A woman from Westwood, New Jersey reached out to North Jersey reporter Christopher Maag to share how a brutal rape she experienced years ago in India changed her life forever. She also open up about the steps she’s been taking to move forward from the attack.
Sandi Higgins, 36, had traveled to India in 2009 with the goal of making a documentary about classical Indian music. After attending numerous concerts and securing interviews with musicians, she journeyed to Mumbai where she stayed with a friend who was part of the Hare Krishna sect. Upon discovering that the bed at her friend’s house was infested with bedbugs, Higgins was offered a place to stay at a nearby Hare Krishna temple compound that had a guesthouse for members and friends of the sect.
“You feel like you’re a princess,” Higgins said, recalling her arrival at the compound. “And you’re safe, you think.”
The nightmare began, she said, one night after ordering tea from room service. She fell unconscious shortly after drinking the tea, only to awake to the sound of her own screams as a man held her down by the legs. She struck at him with her arms, she recalled, but the attacker bludgeoned her across the head and fled the scene.
Higgins said she then called the front desk only to be made to wait for 45 minutes before finally being told that the attack was likely a product of her imagination. Hours later, officers arrived and drove her to the police station. Police, she said, did not seem concerned by what had happened to her — one of the officers, she added, even asked her out on a date. She eventually convinced them to take her to a hospital, but the rural institution was so unsanitary — the floors, she said, were visibly stained by blood — that she decided it was best to not be tested there after all.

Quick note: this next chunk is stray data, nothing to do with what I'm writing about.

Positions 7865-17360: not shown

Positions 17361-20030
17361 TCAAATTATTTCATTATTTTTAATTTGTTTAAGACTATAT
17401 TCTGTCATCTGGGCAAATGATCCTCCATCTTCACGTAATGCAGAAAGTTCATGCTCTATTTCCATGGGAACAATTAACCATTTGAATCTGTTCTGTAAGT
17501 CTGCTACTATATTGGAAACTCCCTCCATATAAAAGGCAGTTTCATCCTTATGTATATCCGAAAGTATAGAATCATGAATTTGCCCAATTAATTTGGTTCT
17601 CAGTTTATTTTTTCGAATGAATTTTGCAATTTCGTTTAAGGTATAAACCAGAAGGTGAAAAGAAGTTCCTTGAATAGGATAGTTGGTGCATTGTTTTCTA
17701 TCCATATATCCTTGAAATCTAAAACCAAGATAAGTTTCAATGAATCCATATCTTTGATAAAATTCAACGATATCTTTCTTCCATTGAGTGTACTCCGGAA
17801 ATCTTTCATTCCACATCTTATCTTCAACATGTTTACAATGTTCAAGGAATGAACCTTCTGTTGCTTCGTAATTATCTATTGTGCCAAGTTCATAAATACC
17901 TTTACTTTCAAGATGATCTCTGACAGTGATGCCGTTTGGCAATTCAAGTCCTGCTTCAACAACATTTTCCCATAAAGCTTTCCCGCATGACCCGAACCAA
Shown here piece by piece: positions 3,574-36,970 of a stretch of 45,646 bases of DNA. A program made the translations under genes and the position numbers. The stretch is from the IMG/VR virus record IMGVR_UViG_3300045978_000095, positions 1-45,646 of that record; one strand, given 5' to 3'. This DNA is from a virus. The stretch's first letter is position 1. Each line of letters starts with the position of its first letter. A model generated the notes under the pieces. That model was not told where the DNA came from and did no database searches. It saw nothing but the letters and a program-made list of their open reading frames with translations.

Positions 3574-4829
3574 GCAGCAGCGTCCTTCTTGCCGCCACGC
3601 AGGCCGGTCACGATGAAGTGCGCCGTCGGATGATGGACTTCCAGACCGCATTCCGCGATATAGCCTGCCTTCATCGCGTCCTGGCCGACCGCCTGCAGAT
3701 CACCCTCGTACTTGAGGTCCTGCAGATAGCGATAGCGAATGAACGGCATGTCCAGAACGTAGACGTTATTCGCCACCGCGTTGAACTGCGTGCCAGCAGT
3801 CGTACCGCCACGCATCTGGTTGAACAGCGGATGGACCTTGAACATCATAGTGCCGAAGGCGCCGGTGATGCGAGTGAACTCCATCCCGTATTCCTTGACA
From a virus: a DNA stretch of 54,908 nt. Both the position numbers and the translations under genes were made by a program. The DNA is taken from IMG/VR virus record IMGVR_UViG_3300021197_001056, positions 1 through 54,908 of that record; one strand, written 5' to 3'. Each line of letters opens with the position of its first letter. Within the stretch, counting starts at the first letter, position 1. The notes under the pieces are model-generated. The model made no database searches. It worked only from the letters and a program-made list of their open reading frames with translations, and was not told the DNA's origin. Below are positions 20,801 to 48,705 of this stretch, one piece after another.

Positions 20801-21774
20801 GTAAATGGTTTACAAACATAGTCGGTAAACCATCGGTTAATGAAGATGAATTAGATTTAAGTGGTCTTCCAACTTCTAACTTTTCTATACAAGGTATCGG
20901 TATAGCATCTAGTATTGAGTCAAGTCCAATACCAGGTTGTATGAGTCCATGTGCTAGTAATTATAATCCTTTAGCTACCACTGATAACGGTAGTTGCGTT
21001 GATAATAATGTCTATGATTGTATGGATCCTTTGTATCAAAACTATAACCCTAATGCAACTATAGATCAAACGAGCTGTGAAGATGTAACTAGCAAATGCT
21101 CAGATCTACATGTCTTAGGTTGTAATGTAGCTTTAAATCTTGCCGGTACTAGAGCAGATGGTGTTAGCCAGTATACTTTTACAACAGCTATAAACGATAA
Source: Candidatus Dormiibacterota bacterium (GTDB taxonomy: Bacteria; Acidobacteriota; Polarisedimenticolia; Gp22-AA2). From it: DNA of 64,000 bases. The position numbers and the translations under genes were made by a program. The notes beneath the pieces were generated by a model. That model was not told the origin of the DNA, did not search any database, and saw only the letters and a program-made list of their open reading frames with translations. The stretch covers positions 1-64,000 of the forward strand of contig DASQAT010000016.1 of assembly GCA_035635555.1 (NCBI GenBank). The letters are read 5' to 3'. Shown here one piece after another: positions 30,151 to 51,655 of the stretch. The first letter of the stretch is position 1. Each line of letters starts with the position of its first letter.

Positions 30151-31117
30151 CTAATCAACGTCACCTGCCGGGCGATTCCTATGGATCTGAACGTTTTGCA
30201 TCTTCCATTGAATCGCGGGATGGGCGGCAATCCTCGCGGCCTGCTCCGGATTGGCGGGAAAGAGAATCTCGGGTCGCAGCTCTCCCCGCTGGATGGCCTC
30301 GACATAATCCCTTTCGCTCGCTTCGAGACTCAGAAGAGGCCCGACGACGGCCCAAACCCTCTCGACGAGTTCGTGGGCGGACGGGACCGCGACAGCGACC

Police, she said, would go on to tell journalists that her refusal to be tested implied that she hadn’t been raped at all. In a local TV report, an animated re-creation of her rape was aired showing Higgins in skimpy attire as she happily welcomed unknown men into her room. When she talked to administrators at the temple to demand access to their security camera footage, monks told her that their security cameras happened to have stopped working at the time the attack took place.
Back home in Westwood, she said she found her family and friends unwilling to acknowledge what had happened to her. In 2011, she even considered suicide. But after taking up meditation, yoga, and an acting class, Higgins says she’s found the courage to be herself again — even if she finds kissing her male lead difficult.
“The kissing is hard for me,” said Higgins. “What terrifies me more than anything else in my life? Having a healthy sexual relationship, I guess. Acting is one of those ways where you practice surrender.”
Read the full story at NorthJersey.com.